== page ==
Many of us make it a discipline to take an annual retreat of a few days. If we do, we will no doubt be greeted by folks on our return with the words ‘It must have been nice to get away from it all’, or sentiments in a similar vein.
But a retreat, properly understood has nothing to do with getting away from it all – rather if we do not engage in such practices, in truth we spend our lives running away from ‘it all’. In our busy lives we may think we are in the thick of it but, to use a sailing metaphor, in truth we are running before the wind. To go on a retreat is as it were to turn into the wind of reality, to drop anchor and experience that which we have been running before.
Our model for retreat, as in all things is Christ, and supremely his time in the wilderness, where he is sent by the Spirit to be tested. We may well think that our lives are test enough thank you, but for the Christian there is little if anything that befalls us in our lives that is not the common lot of all. Painful relationships, difficult financial circumstances, overwhelming work ‘obligations’, ill health – these are just part of the human condition and sweep us along. No, there is a far more profound testing which is called for, a testing which will, if we allow it be our healing – the testing of fire which is time in the wilderness.
In the wilderness we discover who we really are, and to our alarm discover that our greatest enemies do not lie outside us, ‘the trials of life’, but within. The deceit of our hearts, our desire to run from God (often disguised as ‘a healthy spiritual life’) The disciplines of solitude and fasting soon tear the veneer of ‘spiritual comfort’ from our lives. We readily see that for all the pain of relationships etc. we have mistaken the comforts of our physical life – other relationships, food and drink, warm houses, the endless distractions of the technological world in which we live – for the presence of the living God. When all these things are taken away, we face the testing of the devil, the challenge of Job’s wife ‘to curse God and die’.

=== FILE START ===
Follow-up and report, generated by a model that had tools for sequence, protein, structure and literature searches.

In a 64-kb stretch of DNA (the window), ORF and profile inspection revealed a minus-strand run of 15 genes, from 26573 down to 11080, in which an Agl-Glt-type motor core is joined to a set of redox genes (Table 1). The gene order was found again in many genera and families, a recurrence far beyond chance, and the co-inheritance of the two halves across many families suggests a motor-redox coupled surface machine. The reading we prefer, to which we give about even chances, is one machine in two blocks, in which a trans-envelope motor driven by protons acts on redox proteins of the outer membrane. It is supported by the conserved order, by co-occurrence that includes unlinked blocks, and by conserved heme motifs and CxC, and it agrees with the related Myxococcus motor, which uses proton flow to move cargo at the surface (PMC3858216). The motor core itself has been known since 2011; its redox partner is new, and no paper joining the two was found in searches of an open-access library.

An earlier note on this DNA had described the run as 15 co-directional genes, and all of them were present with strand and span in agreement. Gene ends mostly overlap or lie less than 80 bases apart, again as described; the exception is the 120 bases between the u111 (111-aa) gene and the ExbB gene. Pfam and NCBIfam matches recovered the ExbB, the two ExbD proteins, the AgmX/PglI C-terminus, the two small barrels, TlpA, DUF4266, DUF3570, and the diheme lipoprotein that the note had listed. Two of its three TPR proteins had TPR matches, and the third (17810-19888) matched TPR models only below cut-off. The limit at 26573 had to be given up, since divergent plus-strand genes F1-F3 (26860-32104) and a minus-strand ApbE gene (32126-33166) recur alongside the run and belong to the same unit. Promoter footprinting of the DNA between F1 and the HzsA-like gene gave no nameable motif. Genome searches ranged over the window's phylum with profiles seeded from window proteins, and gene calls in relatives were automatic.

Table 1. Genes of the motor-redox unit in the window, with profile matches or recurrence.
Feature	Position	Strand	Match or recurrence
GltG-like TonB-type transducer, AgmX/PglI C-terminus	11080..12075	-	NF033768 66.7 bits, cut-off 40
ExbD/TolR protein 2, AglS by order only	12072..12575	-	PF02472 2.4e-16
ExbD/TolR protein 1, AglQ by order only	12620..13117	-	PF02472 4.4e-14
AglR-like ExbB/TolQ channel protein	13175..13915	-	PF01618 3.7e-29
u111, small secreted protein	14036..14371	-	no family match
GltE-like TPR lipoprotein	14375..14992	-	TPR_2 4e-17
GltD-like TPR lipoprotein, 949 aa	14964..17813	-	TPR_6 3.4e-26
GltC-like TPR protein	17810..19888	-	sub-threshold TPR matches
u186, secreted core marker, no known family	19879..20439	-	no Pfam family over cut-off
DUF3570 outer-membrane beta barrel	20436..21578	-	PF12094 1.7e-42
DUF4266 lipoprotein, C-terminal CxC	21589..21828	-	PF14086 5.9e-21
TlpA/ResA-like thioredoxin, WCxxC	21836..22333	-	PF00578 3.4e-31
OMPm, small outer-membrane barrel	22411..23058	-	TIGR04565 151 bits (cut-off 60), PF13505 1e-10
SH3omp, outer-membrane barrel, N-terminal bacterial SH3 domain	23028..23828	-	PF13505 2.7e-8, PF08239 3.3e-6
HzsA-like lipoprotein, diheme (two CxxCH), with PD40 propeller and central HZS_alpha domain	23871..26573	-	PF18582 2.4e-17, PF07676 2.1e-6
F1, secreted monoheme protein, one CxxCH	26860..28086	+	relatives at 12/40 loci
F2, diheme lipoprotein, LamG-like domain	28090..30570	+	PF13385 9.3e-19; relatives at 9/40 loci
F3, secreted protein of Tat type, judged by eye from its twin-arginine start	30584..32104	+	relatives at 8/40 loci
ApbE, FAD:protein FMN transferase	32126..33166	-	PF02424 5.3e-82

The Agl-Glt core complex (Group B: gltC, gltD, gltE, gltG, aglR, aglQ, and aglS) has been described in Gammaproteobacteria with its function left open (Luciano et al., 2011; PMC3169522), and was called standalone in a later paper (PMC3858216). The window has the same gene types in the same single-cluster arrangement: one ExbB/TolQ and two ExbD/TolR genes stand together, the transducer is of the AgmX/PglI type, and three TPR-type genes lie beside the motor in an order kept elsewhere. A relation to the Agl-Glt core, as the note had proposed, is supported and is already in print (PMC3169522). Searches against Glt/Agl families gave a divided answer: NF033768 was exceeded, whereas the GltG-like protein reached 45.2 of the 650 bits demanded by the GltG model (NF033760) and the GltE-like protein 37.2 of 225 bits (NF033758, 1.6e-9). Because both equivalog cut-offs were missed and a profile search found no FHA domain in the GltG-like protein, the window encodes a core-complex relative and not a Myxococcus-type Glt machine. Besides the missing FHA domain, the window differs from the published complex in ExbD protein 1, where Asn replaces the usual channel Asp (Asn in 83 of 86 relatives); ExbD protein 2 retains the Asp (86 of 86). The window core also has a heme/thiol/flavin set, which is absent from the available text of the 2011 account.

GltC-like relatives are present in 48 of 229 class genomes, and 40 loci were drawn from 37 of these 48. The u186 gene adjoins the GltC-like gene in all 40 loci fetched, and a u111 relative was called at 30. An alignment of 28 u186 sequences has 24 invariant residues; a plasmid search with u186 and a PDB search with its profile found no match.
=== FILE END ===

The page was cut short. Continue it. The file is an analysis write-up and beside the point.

When we ‘retreat’ from the ‘day to day reality’ of our lives, the Reality of our lives is exposed. We realise that we have confused the gods of this age, for the God of all consolation. And there in the wilderness with nothing but God, we are confronted by our own spiritual poverty, by a ‘spiritual life’ which is an illusion. We realise that the God who is a consuming Fire is to us a stranger, that we are ‘kindlers of fire’, constructing a comfortable god in our own image – a pale imitation of ourselves.
Lent offers us the gracious opportunity of a 40 day retreat. Through disciplines of fasting, prayer and almsgiving – disciplines of letting go of our illusions – a door is held open. A doorway which leads us from Illusion to Reality, from Death to Life, from a life we have made for ourselves to Life in all its fullness.
May God in his infinite love and mercy give us Grace to drop anchor and face into the wind . . .
Sermon for Lent 2
Genesis 15:1-12, 17-18
‘If any would be my follower, let them deny themselves, take up their cross and follow me’
When folk ask me how I’m settling in here in New Zealand, I have to say, pretty well. ‘So far so good!’ as the man said passing the 23rd floor of the skyscraper out of which he has just fallen’ 🙂 But there is one aspect of life here that it has taken some considerable time to adjust, and that is to do with Direction. I noticed this especially sharply when out in 2010 to come on interview, that is my sense of direction – which way is North, and which South. It wasn’t until I came out here that I realised how sharp my sense of direction was and how it was determined by the position of the sun in the sky. So when I came over I was constantly getting my North and South muddled up. You don’t realise you have a sense of direction, until you lose it. But this even extended to being inside, or more correctly being in a church building.